A group of Portuguese filmmakers took to the streets on Tuesday to protest new local film and TV legislation being voted on in parliament, which they claim will give foreign streaming giants an unfair advantage within the country’s film landscape.

Portugal is among the first countries in Europe to implement the European Union’s recently approved Audiovisual Media Services Directive (AVMS), which obligates foreign streaming services such as Netflix and Amazon Prime Video to invest a portion of their revenue into local productions. Now that Brussels has approved the AVMS, parliaments across Europe must transpose it into law by 2021.

A crowd of people comprising Portuguese producers, directors, actors and film students staged the protest after writing an open letter to the government. In the document, they complained that under the proposed new rules, foreign streaming giants won’t be paying a tax on their subscription revenues and also won’t be forced to contribute to the country’s national film fund, called the ICA, which they consider to be the heart of Portugal’s film financing system.

The Portuguese protests have wide support within the country’s film community, including prominent producer Paulo Branco (“Cosmopolis”), directors Pedro Costa (“Vitalina Varela”), Joao Botelho (“The Maias: Scenes From Romantic Life”) and Teresa Villaverde (“Colo”) and actor/director Maria De Madeiros (“Pulp Fiction”).

The ICA, somewhat similarly to France’s CNC national film board, is partly funded by the country’s TV ad revenues that are   currently suffering due to the pandemic’s toll on the local economy.

“With the migration of viewers to streaming platforms, revenue from television advertising” and other private sources is falling, the letter pointed out. “If the platforms, which increasingly dominate the market, are not taxed, ICA will be gradually depleted, and less and less Portuguese films will be produced,” it added, noted that forcing streamers to contribute would have been “an historic opportunity” to improve and strengthen ICA.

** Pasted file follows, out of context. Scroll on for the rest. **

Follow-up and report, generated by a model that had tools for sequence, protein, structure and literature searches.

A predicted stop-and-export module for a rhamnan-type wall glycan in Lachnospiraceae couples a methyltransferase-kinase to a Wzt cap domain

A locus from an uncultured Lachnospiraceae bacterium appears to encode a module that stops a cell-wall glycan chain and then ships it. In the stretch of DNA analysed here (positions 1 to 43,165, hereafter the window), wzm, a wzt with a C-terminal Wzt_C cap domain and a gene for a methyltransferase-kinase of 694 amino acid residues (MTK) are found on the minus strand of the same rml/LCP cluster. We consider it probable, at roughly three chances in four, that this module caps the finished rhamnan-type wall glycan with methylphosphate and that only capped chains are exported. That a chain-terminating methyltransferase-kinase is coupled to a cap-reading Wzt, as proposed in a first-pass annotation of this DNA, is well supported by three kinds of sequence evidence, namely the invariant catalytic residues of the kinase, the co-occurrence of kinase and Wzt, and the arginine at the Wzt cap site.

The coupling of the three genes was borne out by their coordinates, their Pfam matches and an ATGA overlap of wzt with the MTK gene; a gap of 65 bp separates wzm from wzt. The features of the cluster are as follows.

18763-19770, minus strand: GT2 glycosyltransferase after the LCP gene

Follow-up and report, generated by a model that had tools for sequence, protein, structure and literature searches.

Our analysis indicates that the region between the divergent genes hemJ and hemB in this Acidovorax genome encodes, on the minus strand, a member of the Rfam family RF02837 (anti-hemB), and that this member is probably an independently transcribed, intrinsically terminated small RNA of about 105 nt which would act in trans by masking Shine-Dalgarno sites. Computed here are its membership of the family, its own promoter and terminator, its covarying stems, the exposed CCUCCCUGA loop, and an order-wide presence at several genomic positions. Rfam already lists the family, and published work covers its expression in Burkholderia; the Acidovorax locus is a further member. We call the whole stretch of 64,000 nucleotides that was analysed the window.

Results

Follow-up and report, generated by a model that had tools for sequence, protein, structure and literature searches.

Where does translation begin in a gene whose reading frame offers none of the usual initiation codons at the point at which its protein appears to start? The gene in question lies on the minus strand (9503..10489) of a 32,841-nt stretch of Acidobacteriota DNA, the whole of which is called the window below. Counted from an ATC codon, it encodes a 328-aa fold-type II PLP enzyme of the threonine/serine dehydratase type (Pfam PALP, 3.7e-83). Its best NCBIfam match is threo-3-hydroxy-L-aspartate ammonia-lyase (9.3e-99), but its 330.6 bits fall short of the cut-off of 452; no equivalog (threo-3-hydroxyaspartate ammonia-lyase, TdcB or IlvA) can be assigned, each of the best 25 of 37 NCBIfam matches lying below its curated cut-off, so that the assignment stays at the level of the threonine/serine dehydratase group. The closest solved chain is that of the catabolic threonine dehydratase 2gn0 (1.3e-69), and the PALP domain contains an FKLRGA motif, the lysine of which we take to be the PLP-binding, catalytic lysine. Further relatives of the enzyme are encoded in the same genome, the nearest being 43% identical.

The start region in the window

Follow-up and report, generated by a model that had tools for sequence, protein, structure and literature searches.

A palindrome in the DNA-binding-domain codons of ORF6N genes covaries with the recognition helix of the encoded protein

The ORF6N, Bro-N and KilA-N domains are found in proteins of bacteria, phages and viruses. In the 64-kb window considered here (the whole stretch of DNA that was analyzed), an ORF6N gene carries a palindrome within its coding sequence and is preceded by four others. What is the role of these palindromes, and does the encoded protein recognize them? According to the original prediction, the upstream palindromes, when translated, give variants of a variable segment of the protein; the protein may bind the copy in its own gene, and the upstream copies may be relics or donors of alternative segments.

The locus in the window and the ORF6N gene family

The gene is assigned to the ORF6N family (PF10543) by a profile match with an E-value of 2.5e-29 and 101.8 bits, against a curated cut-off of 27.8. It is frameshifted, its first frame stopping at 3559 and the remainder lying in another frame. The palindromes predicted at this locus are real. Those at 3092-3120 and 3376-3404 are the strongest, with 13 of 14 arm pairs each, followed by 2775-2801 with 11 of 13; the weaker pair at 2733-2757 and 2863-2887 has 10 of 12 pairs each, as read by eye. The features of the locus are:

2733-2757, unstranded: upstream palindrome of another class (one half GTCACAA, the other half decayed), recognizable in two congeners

However a separate open letter from another group of Portuguese filmmakers presented a somewhat different take on the issue.

According to this other camp the fact that streamers “would be able to invest part of their financing directly in national production, without going through ICA” could instead “provide a closer relationship and opportunities with the largest possible number of independent producers.”

This other letter is also signed by some top Portuguese directors and producers such as João Maia who helmed local hit “Variações: Guardian Angel,” producer António da Cunha Telles (“The Green Years”) and Pandora da Cunha Telles among producers of this year’s Palestinian submission for the Oscars “Gaza, Mon Amour.”

Part of the problem is that by not going through ICA foreign streamers will have leverage to structure deals with local producers according to their preferred business model which is to full-finance a film and hold all or most rights.

Across Europe the model in place is instead based on a co-production system which leaves indie producers with plenty of backend and also more creative control, those who oppose the streamers claim.

“We can’t erase our national film system and hand over to these giant platforms all the power to kill our way of making films,” Portuguese actor/director Marta Mateus tells Variety.

There is clearly fear that the new legislation will impact Portugal’s local production ecosystem. “We can’t have them telling us how to produce our work, and control our work,” Mateus adds.

The current conflict in Portugal over the growing power of the streamers is set to soon play out in different permutations across Europe.